Teenagers long for responsibility; adults often run from it.
Think about the average 14-year-old itching to transition from the seemingly mundane tasks of childhood into the official assignments of an adult. They want to drive. Create their own schedule. Have a job. Make money and determine how it’s spent.
They’ll soon find out that these highly anticipated responsibilities aren’t all they’re cracked up to be. Adulting is tough. Most of us have no shortage of adult responsibility, and if we’re honest, we’d like to step back from some of the burden that comes with it.
So, when ‘would-be disciple-makers’ are encouraged to take on new responsibilities—particularly those involving the church’s divinely commissioned mission—many seem quite understandably unenthusiastic.And what makes things much worse is that the average churchgoer respectively equates a call toward missional responsibility with a request to serve on a church committee, or an appeal to show up a few minutes early to make coffee on Sunday mornings.
Even these seemingly low-threshold responsibilities make many weak-in-the-knees as they consider how to add something new to an already jam-packed weekly routine of must dos.
With busy believers neck-deep in personal responsibility, and a similarly frantic church calendar appealing for their most valuable commodity—time—a huge question remains both unasked and unanswered: Who is taking spiritual responsibility for the spiritual harvest that sits neglected all around us?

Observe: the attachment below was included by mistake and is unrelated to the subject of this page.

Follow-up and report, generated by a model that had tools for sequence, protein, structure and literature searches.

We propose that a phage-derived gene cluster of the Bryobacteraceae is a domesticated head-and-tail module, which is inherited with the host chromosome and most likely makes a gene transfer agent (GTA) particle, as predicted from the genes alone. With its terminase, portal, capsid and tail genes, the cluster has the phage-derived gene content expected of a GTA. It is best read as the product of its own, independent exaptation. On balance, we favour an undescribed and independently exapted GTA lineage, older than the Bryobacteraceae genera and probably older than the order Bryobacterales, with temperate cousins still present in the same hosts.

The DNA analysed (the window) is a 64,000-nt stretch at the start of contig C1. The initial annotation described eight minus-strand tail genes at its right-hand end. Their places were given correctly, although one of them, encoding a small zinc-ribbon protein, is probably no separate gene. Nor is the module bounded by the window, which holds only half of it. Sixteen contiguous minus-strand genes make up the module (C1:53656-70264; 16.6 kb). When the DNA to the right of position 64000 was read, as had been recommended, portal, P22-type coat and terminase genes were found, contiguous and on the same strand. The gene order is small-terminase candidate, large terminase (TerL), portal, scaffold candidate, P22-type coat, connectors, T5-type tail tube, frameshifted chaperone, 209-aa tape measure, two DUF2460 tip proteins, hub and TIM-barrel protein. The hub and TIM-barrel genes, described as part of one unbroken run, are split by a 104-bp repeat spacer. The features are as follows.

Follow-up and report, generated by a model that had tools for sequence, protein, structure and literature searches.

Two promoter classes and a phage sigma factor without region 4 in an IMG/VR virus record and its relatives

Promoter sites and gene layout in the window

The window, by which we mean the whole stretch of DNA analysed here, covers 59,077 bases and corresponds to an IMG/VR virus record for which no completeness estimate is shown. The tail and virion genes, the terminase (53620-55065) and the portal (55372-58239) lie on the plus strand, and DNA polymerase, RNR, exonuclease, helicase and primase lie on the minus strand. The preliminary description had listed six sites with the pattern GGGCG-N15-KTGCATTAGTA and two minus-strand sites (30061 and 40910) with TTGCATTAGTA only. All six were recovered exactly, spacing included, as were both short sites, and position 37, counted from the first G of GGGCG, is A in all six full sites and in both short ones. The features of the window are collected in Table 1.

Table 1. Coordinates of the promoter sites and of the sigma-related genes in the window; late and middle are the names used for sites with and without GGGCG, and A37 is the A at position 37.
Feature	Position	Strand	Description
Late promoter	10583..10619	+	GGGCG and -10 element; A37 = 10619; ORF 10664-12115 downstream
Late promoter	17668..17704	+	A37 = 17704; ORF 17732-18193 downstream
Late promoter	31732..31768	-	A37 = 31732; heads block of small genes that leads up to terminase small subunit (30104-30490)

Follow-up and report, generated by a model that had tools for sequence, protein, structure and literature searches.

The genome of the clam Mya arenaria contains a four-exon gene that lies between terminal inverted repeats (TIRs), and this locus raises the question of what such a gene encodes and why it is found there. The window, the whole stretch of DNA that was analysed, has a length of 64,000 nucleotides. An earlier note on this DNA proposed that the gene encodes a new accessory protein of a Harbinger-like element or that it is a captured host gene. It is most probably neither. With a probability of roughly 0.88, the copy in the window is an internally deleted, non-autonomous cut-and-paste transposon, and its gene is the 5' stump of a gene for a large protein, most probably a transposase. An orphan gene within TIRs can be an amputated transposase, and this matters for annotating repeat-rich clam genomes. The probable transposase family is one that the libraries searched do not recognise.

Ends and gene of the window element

At first glance, we might answer that the local church, corporately, bears this burden of responsibility. It’s we, collectively, who give ourselves to declare and demonstrate the gospel in our community.
But in actuality, such an assumption more often leads to the neglect of communities than in their engagement. Our ecclesiastical assumption is that, somehow, we participate in Jesus’ Mission by proxy. We give generously. We attend faithfully. We serve unquestioningly. Surely our church’s commissioned mission is being fulfilled, isn’t it?
But the answer might be found in pressing our question one step deeper. Who is taking spiritual responsibility for lostness within your neighborhood?Who is so concerned about the waiting and wasting harvest in your community that they:
- Seek to know the names and spiritual condition of those in your community.
- Pray regularly for the salvation of those apart from Jesus.
- Meet practical needs in order to demonstrate the grace and kindness of God.
- Take every opportunity to share the gospel and point to the hope found in the gospel.
- Pursue those who are new to the neighborhood and welcome them to the community with genuine and biblical hospitality.
- Seek to network estranged believers to healthy local churches where they can be cared for and with whom they can partner in a shared mission.
Who’s doing that in your community? Sadly, even in neighborhoods with many professing believers, the answer is normally, “Nobody.”
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Source: Christianity Today